Sometimes i work with JPEG files for my web designs. There are occasions where the PNG format is not suitable..

There are several optimization techniques for the PNG format, but I noticed that for the JPEG format, the possibilities are limited, especially if you work on a Mac.

Probably the most elegant solution so far is the selective compression that allows you to precisely control the compression in specific areas of the images. If you combine then the image with JpegOptim and jpegtran from libjpeg (or use imageOptim) you can reduce even more the filesize.

I am still not satisfied by this options. I don't want to buy a license for fireworks only because of the selective jpeg, and I wonder if there's some other image optimization software out there that offers similar features..

On windows you have Jpeg Optimizer..

Is there any tool that you use for your workflows that you can suggest me?

Thank you

  • 2
    What is it you are trying to accomplish? If JPG compression is such an issues, then maybe you shouldn't be working with JPGs. The type of compression a JPG uses has never been an issue for me, but rather finding that balance between size and image quality using the defaults afforded to me by Photoshop. Done and done. Aug 26, 2011 at 14:40
  • 2
    I am interested to know the reason why the OP finds it necessary to finely tune the compression in this manner. The only scenario I can conceive of right now involves a PBKb&C, but I am willing to be taught.
    – horatio
    Aug 26, 2011 at 16:25

5 Answers 5

  • MozJPEG is a modernized JPEG encoder, probably the best one you can find. I've made a basic web interface for it.

  • Guetzli specializes in producing high-quality files with nearly imperceptible distortions. It's very, very slow though.

  • JPEGmini is pretty good at recompressing JPEGs to the lowest still-good quality.

  • Adept and imgmin try to automatically adjust quality (avoiding unnecessarily-high quality saves a lot).

The last two are best combined with lossless ImageOptim (includes MozJPEG/jpegrescan) for the most efficient JPEG compression I'm aware of.

  • With JPEGmini you have to do 2 lossy compressions instead of 1. :(
    – sam
    Jul 19, 2014 at 1:09

Ten years ago, this would have been a great question. But in 2011, unless you are sure that a high percentage of site visitors will be on dial-up or similar low-bandwidth connections, the effort put into selective compression doesn't produce enough value to be worth it. The differences in quality and file size are so minimal, and broadband connections so ubiquitous, that you end up saving no more than a few milliseconds in page load times.

Even mobile devices, constrained for the moment by 3G speeds in most places, will not benefit significantly from selective compression.

  • 7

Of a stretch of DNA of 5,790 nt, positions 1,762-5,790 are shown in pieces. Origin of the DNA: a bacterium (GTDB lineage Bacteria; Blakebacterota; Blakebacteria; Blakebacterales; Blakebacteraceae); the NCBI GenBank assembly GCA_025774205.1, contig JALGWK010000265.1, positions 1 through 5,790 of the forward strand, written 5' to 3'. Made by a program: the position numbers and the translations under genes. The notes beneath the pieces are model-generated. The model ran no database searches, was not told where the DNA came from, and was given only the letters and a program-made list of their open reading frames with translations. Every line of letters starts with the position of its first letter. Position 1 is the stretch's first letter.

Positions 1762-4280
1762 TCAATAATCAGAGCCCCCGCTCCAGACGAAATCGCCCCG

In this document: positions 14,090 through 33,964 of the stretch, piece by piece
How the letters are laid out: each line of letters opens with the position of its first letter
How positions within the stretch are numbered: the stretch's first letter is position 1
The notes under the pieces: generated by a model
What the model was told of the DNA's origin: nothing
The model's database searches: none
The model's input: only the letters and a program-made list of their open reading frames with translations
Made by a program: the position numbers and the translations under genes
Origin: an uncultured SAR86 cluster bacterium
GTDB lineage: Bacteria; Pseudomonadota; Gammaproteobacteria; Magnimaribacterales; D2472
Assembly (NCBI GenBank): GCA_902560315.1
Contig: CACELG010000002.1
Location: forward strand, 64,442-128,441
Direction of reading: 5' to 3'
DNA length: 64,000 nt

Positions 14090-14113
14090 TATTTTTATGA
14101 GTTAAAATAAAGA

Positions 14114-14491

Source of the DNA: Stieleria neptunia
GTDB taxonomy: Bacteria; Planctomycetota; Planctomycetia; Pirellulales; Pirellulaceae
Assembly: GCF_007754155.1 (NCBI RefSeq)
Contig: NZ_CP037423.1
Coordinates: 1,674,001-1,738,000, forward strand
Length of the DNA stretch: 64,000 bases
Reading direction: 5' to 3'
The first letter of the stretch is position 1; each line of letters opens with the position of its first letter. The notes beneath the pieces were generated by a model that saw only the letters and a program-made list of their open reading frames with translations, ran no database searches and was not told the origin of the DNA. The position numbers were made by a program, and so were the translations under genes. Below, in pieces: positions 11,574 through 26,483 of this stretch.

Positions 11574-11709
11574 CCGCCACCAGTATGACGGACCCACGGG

as of 2013 I don't think this is true anymore, at least for mobile - a lot of these 3G connections are not so fast. Also the amount of images used and the increase in device screen resolution calls for more optimal image compressions.
    – Luciano
    Dec 12, 2013 at 16:11
  • This is like someone from Tokyo wondering what's the point of serving webms below 4K anymore. I mean, sure, if you're in LA, no kidding, I would expect 3G/4G to work perfectly. Mar 22, 2016 at 10:56

Lately I've been using ImageOptim and ImageAlpha with very good results.

ImageOptim is very good at optimizing and compressing GIF/JPEG/PNG and I'm using ImageAlpha to convert most of my images to PNG with good results: most of the times I get PNG files (full color) that are smaller than GIFs (50-60%), with very little quality loss. It even has an option for making "IE6-friendly" Alpha transparency (although I didn't test it).

Maybe not in 2011, but now PNG's are a good option, specially at such small sizes.


I've been looking into this lately and running my own tests using many different tools and techniques.

I've found that for JPEG images, combining JPEGmini and ImageOptim (in that order) works best. They each do different things to reduce the image size.

For PNGs, I like ImageAlpha followed again by ImageOptim.

I don't plan to publish my benchmarks but they very closely mirror those published by Jamie Mason.

Jamie Mason also created an awesome command line tool for using these three image optimizers if you need a really deep level of control. Otherwise they all come with GUIs onto which you can drag-and-drop your images.


i have done compression of images on many websites like compressnow.com, tinypng.com, but the compressed images is not equal to the original image in quality wise. it is not loss less compression. I then tried http://CompressPic.com, it actually solved my problem, that is why i recommend it to all here.

  • Hello Sara, welcome to GDSE. Thanks for your answer! Could you elaborate a bit? For example, what type of software is it, how does it work, what benefits does it hold over other (similar) software or services, ...
    – PieBie
    Sep 3, 2015 at 13:50

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